The patent's inventors are
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From the background information supplied by the inventors, news correspondents obtained the following quote: "Transmission electron microscopes (TEM) use a TEM grid to support specimens during imaging in the electron microscope, much as glass slides are used in light microscopes. TEM grids, generally referred to only as 'grids,' are also occasionally used in other applications. Standard TEM grids are 3.05 mm diameter disks of fine-mesh screen-like material, and are very thin, typically 30 .mu.m to 100 .mu.m thick. Most commonly, grids are made from, but are not limited to, Cu, Ni, Au, or NiCr alloy, but may also be made from other metals or for some applications may be polymeric, ceramic (e.g. silicon), or of special materials such as pyrolytic carbon, or still other materials. Some of the special grid materials can be thicker, such as about 200 .mu.m thick for pyrolytic carbon.
"Due to the need for grids to be very thin and for the screen to be a very open mesh, since it is through the openings that specimens are imaged, TEM grids are extremely fragile and easily damaged. Due to their small size, grids are very easy to lose if dropped or misplaced. Also, due to their very small size, it is not generally possible to mark or label individual grids to identify the specimen attached to them. Therefore, the identification of a grid, and the specimen it holds, is dependant on it being in a properly labeled location or container. Proper identification is essential when grids contain specimens from clinical patients, such as biopsies, or important research materials. Preparation of a grid with a specimen can often take several days of labor; hence loss or misidentification is very expensive in terms of time and effort.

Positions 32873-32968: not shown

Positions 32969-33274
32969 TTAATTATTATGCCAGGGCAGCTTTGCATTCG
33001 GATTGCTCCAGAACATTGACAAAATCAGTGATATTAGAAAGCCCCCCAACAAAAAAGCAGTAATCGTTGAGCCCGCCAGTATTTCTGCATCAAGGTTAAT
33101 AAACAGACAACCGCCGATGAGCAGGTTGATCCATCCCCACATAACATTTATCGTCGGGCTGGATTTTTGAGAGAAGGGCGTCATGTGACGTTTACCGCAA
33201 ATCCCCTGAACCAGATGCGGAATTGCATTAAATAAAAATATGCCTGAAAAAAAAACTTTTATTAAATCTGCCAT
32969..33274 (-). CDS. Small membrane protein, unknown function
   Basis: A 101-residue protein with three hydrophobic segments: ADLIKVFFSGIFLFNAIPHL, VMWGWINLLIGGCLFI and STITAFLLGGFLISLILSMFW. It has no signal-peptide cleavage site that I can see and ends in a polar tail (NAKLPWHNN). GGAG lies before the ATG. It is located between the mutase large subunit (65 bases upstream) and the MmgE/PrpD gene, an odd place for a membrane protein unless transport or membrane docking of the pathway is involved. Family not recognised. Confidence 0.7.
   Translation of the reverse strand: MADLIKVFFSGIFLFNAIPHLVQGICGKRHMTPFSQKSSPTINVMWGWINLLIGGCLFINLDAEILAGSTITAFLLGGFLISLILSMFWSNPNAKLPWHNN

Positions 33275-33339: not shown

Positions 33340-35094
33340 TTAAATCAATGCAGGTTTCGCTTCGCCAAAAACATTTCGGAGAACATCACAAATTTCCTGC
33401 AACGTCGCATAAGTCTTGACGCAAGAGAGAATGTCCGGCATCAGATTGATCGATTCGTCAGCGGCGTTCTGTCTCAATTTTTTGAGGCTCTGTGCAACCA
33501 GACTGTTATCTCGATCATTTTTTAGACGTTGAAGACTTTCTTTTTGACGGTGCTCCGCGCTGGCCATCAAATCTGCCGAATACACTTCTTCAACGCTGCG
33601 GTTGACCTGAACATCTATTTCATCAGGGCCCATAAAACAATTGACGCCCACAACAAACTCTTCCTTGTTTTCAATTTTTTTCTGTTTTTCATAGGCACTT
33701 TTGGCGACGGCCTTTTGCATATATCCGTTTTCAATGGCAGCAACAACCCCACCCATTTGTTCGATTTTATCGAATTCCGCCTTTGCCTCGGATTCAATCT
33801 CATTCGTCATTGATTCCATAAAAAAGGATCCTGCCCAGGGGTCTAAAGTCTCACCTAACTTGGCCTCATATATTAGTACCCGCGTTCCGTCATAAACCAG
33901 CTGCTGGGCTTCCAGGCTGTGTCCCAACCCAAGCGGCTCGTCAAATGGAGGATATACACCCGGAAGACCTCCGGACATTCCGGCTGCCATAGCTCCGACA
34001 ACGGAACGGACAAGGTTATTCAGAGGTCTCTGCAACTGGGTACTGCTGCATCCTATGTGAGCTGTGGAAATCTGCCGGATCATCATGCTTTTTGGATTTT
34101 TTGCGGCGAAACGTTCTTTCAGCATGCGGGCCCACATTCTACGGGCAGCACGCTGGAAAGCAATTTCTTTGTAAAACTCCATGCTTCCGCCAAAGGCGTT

"Numerous types of storage containers are used to store grids. There are similarly also many devices used to treat the specimens on the grids. Both the storage devices and many of the processing devices, especially those that are intended to hold more than one grid at a time, provide indexed positions for individual grids. A device having multiple indexed locations to place grids for storage is called a grid box. Processing of grids commonly includes chemical stains or molecular labels to enable detection and localization of specific biological, structural, or chemical features. For biological specimens, especially, many solutions of stains and other chemicals are applied to the grid in liquids such as, but not limited to, water. Alternatively, in some processes, typically for non-biologic specimens, the stain or treatment may be applied as a vapor. In still others, the treatment, such as with ionized materials, may occur in a partial vacuum.
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